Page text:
Friday, October 7, 2016

A Brief History of US Voting and Why You Should Register and Vote

“When you vote it takes two people to overcome you. When you don’t, it only takes one.” Ruth Yates Davis”

“Thousands of people died over the years so that all Americans could have the right to vote. To not vote, then, is to say that the struggle of all these people does not matter; that they died in vain and their sacrifices mean nothing. Do you really want to say that???” Anonymous

“Voting must really matter. Otherwise why would so many people go through so much for so long to limit who can do it?” John C-D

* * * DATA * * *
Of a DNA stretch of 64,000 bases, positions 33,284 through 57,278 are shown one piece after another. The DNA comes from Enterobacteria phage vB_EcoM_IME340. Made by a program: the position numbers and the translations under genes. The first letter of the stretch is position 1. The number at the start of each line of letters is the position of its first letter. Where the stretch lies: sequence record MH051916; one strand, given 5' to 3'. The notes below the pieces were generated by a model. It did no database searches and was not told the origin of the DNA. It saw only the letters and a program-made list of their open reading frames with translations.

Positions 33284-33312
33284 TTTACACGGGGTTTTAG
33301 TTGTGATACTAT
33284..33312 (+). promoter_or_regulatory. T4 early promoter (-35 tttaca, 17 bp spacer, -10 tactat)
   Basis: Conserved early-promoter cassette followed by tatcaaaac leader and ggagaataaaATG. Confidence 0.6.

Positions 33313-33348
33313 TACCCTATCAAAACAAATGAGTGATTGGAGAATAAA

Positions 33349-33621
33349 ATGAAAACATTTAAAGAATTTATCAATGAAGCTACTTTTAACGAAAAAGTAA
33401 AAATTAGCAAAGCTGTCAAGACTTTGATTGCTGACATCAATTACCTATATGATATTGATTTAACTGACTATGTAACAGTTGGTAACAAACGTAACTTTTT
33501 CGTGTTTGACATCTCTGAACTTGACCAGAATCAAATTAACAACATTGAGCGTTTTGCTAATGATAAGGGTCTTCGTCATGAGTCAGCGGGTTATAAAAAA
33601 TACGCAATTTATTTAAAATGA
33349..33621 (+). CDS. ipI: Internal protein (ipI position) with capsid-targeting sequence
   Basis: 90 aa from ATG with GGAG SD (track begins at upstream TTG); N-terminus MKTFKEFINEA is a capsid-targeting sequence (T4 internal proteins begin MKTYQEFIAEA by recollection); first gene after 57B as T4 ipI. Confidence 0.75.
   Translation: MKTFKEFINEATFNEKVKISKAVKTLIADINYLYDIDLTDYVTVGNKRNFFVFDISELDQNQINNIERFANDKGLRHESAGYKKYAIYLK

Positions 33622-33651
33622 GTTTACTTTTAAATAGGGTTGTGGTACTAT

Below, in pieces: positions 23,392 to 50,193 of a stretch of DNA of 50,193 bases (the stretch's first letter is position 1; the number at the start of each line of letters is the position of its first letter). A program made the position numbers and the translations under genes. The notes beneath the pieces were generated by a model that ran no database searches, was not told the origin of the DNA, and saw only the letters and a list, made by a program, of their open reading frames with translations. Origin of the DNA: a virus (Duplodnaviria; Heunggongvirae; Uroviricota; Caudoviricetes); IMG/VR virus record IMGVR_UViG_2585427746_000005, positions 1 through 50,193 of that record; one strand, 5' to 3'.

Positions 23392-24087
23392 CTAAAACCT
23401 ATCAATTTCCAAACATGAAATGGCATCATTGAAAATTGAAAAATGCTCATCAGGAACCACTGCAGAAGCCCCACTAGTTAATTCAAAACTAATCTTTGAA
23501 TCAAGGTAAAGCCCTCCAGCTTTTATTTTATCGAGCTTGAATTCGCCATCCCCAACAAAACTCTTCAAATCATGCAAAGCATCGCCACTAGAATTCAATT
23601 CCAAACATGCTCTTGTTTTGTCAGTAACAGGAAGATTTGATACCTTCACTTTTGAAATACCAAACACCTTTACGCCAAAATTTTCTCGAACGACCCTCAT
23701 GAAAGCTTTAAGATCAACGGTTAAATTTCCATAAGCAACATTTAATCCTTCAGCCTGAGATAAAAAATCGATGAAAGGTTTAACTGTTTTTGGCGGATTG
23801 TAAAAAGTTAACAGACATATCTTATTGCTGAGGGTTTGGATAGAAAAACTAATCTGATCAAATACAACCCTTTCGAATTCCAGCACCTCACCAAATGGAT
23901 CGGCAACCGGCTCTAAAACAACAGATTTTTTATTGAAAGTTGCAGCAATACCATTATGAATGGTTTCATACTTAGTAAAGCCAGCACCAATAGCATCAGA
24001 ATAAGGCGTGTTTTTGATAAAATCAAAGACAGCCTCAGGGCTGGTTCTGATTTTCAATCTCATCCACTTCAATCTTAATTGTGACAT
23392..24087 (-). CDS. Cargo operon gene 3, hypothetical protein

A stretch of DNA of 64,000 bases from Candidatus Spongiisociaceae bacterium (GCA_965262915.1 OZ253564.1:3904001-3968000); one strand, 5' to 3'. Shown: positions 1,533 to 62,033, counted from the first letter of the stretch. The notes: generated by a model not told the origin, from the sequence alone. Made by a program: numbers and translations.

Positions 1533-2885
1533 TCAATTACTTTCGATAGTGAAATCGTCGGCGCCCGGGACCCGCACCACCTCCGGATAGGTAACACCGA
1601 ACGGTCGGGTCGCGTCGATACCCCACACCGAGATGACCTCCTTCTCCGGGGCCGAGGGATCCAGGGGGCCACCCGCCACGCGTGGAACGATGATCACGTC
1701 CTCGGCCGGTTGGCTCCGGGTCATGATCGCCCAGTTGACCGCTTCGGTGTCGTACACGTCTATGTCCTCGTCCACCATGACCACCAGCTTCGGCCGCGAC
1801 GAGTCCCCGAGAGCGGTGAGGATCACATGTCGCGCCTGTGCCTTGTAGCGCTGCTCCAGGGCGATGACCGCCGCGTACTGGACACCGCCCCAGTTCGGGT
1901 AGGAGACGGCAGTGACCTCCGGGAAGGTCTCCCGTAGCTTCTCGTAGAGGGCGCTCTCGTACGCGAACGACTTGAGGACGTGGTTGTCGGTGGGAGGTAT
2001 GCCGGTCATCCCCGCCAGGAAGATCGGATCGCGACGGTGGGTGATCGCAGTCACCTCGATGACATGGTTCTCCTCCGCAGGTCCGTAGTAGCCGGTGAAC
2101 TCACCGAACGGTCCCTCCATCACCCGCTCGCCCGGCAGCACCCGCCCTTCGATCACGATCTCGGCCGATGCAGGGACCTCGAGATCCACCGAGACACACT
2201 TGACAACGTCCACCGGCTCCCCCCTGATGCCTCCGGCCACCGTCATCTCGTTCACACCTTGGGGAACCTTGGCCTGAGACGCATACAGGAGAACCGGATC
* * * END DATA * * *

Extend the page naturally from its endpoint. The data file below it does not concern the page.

The United States calls itself a democracy. One of the things we talk about when we talk about advantages of living in the US and of being a US citizen is that people here get to vote. Many of us are glad about that, and we assume it has always been that way. Voting is simply one of the things that makes America America, and that with the exception of the struggle for women’s right to vote, decided in 1920, and the Civil Rights Movement in the 1960’s, it has all been pretty straightforward and clear; we just had to correct a few missteps. When we look a little closer at the history of just who could vote and when, though, we discover that it is actually a much more complex history than we learned about in school. Voting, for the longest time in our history, was something most Americans were not allowed to do. For most of our history, most American citizens could not legally vote.